In order to satiate the mounting demand for ancient works of art, craftsmen were impelled to produce delicately styled goods that imitate the styles of antiques. Collectors, as investors, assumed the role of patrons for talented artisans and promoted further the improvement of their work. The financial power bestowed upon the industry stimulated pivotal developments in the creation and production of refined arts and crafts. Among the examples are: 1) Yellow-ground square basin with overglaze green decoration of phoenixes, porcelain, Ming dynasty, Chia-ching period, 1522-1566; and 2) FIowerpot in the shape of a dragon-fish Jade, FIowerpot in the shape of a dragon-fish Jade, Ming dynasty, 16th-17th century.
Independent Craftsmen, the Public and Flourishing Ming Economy
According to the National Palace Museum, Taipei: ““With changes in consumer culture, merchants were able to increase their profits. Also, as the number of officials, scholars, and ordinary folk engaged in business increased, merchants saw their status in society rise. At the same time, artisans with scholar status and points of view became increasingly common in the late Ming. Craftsmen with their ample experience produced exquisite works of art that catered to scholarly taste, with some scholars even providing the designs. The result was a form of interaction, in which skilled artisans received the praise of scholars, thereby elevating their renown and allowing them to command high prices and even compete on equal terms with the gentry. [Source: National Palace Museum, Taipei, npm.gov.tw]
Scholars provided craftsmen with new ideas, and artisans helped direct scholarly taste, the end result being decorative motifs associated with painting and calligraphy. Literati helped direct and design objects for the studio, sometimes even taking part in production. The cooperation and ties between the two raised the status of workmen and gained them respect. From each major production center emerged professionals of renown. The specialization reached a level close to the modern concept of establishing a unique brand — craftsmanship became superb and artisans received well-deserved attention and rightful compensation, even to the point where they could take part in civil service examinations, enter officialdom, and become outstanding members of society.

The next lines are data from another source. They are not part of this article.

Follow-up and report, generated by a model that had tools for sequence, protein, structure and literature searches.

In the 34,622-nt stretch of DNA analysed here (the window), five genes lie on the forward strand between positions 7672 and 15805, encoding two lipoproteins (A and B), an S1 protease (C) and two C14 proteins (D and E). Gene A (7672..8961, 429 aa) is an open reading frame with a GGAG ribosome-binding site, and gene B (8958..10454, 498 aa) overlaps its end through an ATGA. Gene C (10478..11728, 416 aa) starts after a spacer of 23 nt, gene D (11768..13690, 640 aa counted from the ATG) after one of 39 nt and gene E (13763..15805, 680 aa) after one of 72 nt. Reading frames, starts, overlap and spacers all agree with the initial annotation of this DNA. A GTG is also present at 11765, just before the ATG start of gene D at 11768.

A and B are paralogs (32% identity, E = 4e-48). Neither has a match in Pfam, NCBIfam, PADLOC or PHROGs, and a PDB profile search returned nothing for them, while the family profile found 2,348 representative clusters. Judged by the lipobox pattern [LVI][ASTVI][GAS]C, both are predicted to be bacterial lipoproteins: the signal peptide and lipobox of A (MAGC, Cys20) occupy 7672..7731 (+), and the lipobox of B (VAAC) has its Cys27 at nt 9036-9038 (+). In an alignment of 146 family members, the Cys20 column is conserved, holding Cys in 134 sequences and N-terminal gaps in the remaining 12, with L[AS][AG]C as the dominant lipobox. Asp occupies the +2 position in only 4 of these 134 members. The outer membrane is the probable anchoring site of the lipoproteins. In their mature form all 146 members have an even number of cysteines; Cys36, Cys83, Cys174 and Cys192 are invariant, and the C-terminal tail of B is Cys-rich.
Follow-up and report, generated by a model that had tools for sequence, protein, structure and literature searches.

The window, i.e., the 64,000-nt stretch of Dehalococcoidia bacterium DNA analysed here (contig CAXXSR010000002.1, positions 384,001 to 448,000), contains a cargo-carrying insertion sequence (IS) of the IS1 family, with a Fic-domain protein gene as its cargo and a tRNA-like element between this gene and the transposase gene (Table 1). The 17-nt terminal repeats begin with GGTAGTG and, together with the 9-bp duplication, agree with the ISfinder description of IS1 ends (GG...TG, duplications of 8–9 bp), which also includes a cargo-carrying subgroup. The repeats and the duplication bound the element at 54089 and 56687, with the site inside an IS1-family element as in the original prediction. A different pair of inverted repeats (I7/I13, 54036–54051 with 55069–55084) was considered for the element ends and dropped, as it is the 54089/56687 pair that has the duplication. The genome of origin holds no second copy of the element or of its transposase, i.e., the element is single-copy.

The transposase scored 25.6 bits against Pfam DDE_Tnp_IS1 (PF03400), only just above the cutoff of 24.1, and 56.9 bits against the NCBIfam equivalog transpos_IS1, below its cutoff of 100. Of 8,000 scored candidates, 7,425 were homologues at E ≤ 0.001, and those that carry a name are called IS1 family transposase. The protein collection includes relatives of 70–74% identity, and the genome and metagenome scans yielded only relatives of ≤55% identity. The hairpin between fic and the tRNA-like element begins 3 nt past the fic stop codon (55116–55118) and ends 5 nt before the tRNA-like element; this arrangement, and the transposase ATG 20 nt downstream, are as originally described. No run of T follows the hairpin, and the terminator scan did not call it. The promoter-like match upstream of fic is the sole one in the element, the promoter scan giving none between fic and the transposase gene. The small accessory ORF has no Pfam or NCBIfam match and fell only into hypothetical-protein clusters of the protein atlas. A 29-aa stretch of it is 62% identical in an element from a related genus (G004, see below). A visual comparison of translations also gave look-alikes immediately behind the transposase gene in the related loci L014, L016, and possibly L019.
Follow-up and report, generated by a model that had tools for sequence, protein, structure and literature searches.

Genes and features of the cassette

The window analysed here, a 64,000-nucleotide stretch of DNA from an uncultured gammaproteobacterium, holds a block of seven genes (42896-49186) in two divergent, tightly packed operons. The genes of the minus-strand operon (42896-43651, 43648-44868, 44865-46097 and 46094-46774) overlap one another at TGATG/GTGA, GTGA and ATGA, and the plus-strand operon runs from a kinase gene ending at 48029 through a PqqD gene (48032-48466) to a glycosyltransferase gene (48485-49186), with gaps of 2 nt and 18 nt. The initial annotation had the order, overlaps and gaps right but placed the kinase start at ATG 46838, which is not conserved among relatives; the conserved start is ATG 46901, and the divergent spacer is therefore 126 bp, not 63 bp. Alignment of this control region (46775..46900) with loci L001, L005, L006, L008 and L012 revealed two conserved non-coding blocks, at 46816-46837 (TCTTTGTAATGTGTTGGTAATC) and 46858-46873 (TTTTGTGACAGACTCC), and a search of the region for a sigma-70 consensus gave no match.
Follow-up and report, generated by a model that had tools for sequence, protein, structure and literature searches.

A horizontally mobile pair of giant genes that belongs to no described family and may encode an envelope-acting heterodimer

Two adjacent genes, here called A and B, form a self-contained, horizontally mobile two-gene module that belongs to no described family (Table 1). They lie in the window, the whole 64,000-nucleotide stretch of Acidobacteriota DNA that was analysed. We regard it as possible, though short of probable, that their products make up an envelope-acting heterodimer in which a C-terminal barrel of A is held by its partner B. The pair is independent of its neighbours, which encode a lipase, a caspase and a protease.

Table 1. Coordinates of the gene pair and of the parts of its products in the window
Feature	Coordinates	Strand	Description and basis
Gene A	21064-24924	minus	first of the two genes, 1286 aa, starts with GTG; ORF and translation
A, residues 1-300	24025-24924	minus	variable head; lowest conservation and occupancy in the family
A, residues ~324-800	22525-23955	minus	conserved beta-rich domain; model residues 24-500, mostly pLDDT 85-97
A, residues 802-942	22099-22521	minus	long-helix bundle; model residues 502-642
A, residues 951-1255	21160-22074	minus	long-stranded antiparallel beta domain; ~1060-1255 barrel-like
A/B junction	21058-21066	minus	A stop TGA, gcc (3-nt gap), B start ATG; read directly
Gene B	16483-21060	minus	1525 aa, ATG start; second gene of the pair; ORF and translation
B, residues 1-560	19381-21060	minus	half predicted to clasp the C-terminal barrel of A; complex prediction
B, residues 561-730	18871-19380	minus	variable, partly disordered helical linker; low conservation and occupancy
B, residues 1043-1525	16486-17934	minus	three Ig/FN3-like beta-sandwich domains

“The porcelain market flourished as demand by the imperial court and foreign markets escalated, resulting in private kilns being delegated by the court to produce most official wares in later periods of the Ming dynasty. With rising commercialization of products in the economy, artisans from official kilns could pay their way out of working for the imperial court. While official kilns went into decline, superior craftsmen trickled into local kilns, injecting new life and potential into the ceramics industry. With rapid developments in the middle and late Ming, production rose and porcelains were exported in increasing number. Private kilns expanded, and the famed Jingdezhen kiln, with its expertise dating back to the Five Dynasties period, helped the porcelain industry of the late Ming reach new heights, not only competing with official wares, but sometimes even exceeding them in quality. Examples: 1) Brush pot with rendition of a scene from ''The West Chamber'', mark of Chu San-sung Bamboo, Ming dynasty, 17th century; and 2) Yellow censer in the shape of a ting, mark of Chou Tan-chüan, Ming dynasty, 17th century.
Ming Dynasty Painting
According to the Metropolitan Museum of Art: “The reestablishment of an indigenous Chinese ruling house led to the imposition of court-dictated styles in the arts. Painters recruited by the Ming court were instructed to return to didactic and realistic representation, in emulation of the styles of the earlier Southern Song (1127–1279) Imperial Painting Academy. Large-scale landscapes, flower-and-bird compositions, and figural narratives were particularly favored as images that would glorify the new dynasty and convey its benevolence, virtue, and majesty. [Source: Metropolitan Museum of Art metmuseum.org \^/]